The reservations, totaling about $6.5 million, are for “the final weeks of the election in 24 districts,” a news release stated.
The super PAC during the 2012 cycle made its first round of reservations in early July in partnership with the Service Employees International Union.
“By placing these reservations early, we will make our dollars go further and ensure we have the air time to effectively fight back against the flood of Koch brothers’ dollars,” House Majority PAC Executive Director Alixandria Lapp said in a statement.
The super PAC is on offensive in six Republican-held districts and on defense in 18 Democratic districts. Often, releasing ad reservations to the press is a means to telegraph to allies, like the Democratic Congressional Campaign Committee, how outside groups intend to spend money.
Below is a breakdown of the buys, categorized by offensive and defensive targets:
April 15, 2014
Embattled Rep. Michael G. Grimm of New York raised $346,000 in the first quarter, a large haul despite swirling controversy after the Staten Island Republican threatened to throw a reporter off of a balcony after the State of the Union address.
Grimm’s haul brings his total cash on hand to $1.17 million, according to his filing with the Federal Election Commission.
Included in Grimm’s first-quarter filing is $50,000 in legal fees to the law firm Patton Boggs. Grimm is currently under investigation for alleged campaign finance violations tied to his 2010 campaign.
March 3, 2014
The Democratic Congressional Campaign Committee rolled out the first 35 districts of its “Red to Blue” program Monday, highlighting the GOP-held seats the party believes it can flip and open seats it hopes to keep in the Democratic column in the 2014 midterms.
Needing to net 17 seats to win back the House majority, the announcement makes clear where the party believes its most important fights will take place.
“This is our initial roll out,” DCCC Chairman Steve Israel said Monday morning on MSNBC’s “Daily Rundown.” “There will be more, and we will have a very competitive battlefield as we go deeper into the cycle.” Full story
October 3, 2013
House Majority PAC, a super PAC that aims to elect House Democrats, announced Thursday it will unleash a major advertising campaign against nine House Republicans over the shutdown.
The total buy is for a “mid-six figure” sum, according to the political action committee’s spokesman. It will run web and TV ads against Republican Reps. Mike Coffman of Colorado’s 6th District, Steve Southerland II of Florida’s 2nd, Joe Heck of Nevada’s 3rd and David Joyce of Ohio’s 14th.
The buy will also include a “Google and Bing search advertising campaign,” according to a news release, that will target those four Republicans members plus five more:
- Rep. Gary G. Miller of California’s 31st District
- Rep. Rodney Davis of Illinois’ 13th District
- Rep. Michael G. Fitzpatrick of Pennsylvania’s 8th District
- Rep. Michael G. Grimm of New York’s 11th District
- Rep. John Kline of Minnesota’s 2nd District
The television ads targeting Coffman, Southerland, Heck and Joyce can be seen after the jump.
September 19, 2013
The National Republican Congressional Committee will announce it has raised $3 million total for the 20 vulnerable incumbents through its Patriot program, according to figures provided first to Roll Call.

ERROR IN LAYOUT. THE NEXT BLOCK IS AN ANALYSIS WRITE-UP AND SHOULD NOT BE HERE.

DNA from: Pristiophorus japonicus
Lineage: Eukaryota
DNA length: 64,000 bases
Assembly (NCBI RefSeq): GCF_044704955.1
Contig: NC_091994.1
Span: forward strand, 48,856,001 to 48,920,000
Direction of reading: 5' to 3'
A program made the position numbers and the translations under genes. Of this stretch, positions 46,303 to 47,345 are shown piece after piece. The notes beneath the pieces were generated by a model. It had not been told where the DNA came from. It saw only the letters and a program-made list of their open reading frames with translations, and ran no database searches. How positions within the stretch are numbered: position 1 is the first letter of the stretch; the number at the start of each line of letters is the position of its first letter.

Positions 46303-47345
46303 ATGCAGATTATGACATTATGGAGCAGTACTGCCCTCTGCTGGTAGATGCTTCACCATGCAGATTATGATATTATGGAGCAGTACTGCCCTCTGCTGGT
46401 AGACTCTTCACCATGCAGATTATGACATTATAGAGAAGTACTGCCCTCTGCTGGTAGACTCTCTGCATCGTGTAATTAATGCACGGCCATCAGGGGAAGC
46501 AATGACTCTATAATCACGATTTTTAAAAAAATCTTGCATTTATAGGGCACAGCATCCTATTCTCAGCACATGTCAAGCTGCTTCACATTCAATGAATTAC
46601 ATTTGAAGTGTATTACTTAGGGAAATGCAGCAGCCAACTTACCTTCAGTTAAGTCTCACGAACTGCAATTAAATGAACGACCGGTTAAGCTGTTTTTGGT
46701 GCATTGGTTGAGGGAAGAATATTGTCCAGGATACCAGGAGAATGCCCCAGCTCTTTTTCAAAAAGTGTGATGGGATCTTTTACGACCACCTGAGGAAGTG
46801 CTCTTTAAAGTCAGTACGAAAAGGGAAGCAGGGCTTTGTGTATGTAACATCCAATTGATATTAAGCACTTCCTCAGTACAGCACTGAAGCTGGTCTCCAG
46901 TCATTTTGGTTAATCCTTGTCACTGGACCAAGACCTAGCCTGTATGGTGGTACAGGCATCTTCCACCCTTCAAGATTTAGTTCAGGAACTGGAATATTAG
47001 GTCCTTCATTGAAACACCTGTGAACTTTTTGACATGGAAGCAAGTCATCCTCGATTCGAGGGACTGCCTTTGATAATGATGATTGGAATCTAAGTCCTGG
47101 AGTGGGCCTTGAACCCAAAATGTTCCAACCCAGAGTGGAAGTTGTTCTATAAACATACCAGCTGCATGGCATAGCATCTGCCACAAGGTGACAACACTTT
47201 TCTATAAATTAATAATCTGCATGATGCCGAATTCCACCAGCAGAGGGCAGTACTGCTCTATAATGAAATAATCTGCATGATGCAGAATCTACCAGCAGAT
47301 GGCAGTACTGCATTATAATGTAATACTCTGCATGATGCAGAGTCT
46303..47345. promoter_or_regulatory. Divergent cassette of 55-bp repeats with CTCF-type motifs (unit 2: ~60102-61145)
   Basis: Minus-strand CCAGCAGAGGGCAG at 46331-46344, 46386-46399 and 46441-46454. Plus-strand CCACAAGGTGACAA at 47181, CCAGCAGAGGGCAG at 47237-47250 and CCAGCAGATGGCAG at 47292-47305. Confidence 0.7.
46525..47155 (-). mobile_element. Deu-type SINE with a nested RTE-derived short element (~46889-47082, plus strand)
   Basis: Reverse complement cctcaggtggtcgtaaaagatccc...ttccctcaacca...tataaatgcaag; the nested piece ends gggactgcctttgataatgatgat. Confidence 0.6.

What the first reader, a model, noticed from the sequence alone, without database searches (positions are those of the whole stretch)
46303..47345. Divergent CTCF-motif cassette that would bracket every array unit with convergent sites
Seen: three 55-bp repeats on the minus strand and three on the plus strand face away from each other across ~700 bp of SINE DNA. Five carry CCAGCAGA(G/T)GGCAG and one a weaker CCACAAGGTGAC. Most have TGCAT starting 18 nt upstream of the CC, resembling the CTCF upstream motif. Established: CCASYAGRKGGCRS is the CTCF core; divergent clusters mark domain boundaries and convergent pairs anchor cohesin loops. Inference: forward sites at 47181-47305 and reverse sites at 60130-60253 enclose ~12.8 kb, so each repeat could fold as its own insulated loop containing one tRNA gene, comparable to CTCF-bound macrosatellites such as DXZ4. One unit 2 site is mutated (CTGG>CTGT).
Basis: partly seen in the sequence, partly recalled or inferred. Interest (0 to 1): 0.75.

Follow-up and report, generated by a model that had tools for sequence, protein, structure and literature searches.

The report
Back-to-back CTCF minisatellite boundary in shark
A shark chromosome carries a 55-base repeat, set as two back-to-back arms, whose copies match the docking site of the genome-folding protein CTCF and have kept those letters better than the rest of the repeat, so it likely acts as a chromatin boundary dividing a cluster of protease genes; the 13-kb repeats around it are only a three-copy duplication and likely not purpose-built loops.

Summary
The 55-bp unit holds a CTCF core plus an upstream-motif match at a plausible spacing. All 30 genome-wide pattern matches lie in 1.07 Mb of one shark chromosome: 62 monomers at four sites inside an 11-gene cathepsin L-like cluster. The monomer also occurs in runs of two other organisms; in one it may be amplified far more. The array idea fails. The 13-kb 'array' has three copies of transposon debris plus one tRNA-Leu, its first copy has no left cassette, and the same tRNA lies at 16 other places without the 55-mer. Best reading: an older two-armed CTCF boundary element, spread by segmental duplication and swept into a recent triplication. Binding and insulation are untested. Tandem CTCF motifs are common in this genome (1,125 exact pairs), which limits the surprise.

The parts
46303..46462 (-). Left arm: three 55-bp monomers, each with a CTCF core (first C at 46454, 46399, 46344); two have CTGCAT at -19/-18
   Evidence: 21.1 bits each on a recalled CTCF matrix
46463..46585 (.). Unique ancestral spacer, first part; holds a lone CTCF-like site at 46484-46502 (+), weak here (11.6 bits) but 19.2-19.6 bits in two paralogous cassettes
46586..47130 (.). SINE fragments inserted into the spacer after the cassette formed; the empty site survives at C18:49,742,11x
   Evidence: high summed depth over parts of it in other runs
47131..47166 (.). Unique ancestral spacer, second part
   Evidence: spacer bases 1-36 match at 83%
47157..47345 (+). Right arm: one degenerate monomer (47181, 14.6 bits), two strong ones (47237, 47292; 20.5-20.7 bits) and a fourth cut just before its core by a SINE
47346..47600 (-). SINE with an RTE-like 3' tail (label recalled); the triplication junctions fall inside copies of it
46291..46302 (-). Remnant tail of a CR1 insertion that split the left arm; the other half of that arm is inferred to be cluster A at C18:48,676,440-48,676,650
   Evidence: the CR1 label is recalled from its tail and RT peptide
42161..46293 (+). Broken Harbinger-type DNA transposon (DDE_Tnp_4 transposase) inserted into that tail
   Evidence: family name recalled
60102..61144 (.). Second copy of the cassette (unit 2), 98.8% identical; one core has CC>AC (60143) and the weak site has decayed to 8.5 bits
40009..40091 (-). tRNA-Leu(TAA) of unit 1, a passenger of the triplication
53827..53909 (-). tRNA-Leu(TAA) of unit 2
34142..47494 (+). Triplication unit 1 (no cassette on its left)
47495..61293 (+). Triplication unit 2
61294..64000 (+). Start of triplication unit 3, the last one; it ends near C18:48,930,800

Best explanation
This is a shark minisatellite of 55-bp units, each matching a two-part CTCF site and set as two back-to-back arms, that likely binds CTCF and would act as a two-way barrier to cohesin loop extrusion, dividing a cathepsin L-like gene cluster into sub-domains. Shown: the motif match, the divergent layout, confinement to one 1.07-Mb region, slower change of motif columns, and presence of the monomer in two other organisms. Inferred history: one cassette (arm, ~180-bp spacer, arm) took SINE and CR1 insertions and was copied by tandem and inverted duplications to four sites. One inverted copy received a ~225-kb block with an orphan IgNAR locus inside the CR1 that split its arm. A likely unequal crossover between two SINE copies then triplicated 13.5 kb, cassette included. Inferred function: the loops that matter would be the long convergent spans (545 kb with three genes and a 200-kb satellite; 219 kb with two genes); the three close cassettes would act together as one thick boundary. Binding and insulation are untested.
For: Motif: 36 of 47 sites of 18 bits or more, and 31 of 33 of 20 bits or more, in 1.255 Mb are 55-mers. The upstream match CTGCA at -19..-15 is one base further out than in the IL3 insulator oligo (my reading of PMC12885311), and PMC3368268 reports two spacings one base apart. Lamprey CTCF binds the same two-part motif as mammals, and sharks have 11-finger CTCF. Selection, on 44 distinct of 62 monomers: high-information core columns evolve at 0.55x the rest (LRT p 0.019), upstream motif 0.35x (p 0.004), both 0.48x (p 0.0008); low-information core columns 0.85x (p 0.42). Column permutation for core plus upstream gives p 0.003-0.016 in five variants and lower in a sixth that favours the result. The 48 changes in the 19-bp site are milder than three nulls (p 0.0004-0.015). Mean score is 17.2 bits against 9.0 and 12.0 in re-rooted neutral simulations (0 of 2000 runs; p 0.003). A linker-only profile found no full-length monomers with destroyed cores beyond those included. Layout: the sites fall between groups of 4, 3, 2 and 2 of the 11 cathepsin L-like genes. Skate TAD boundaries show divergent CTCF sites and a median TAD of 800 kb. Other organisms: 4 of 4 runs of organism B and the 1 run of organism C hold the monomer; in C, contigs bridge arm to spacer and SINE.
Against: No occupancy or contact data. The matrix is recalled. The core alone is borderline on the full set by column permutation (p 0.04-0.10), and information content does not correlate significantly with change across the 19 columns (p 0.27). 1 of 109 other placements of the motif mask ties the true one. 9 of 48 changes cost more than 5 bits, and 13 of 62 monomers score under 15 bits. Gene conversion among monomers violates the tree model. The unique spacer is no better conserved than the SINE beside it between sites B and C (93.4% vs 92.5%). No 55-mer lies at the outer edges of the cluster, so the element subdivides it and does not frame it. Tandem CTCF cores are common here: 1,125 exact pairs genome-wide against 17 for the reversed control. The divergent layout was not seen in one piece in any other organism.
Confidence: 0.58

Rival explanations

On Thursday, House Republican leaders hosted their second “Patriot Day” of the cycle — a fundraising event that contributed to that $3 million total. The Patriot program provides resources to the party’s most vulnerable House members for their re-election efforts, including fundraising and communications support.
Republican incumbents in the Patriot program include: Full story
September 6, 2013
Rep. Michael G. Grimm, R-N.Y., sent out a fundraising email Thursday, asking supporters for campaign contributions after changing his mind about authorizing targeted strikes against Syrian President Bashar al-Assad.
Grimm, who is facing a competitive re-election this cycle against top Democratic recruit Domenic Recchia, initially supported targeted strikes against Assad. However he changed his position on Thursday, saying he felt the time to act had already passed.
In an email to supporters that same day, Grimm solicited $25 donations.
“Will you stand with me in opposing President Obama’s plan with a donation of $25 or more right now?” Grimm asked in the email.
August 8, 2013
The Democratic Congressional Campaign Committee plans to target 17 House Republicans with a grass-roots push over the August recess, according to an internal party email obtained by CQ Roll Call.
On Monday, a DCCC aide sent a message to an email list sponsored by Americans United for Change, a liberal organization, describing the committee’s plans for the month-long break and including the warning, “please do not share this list with press.”
“In the majority of these districts we have field staffers on the ground, coordinated through the respective state parties, to define and hold accountable vulnerable Republican incumbents, through earned media tactics, messaging amplification, and community outreach,” wrote Ryan Daniels, the deputy national press secretary and African-American media adviser.
The DCCC’s list includes some of this cycle’s most-often mentioned vulnerable Republicans, but there are some lesser-known targets as well: Full story
July 21, 2013
The National Republican Congressional Committee will announce Monday that it has added nine members to its vulnerable incumbent program for the 2014 cycle, according to information provided exclusively to CQ Roll Call.
The Patriot program provides fundraising and communications support to incumbents who meet certain NRCC benchmarks in their re-election campaigns. The nine Patriot program additions join 11 House Republicans whom the NRCC already deemed vulnerable.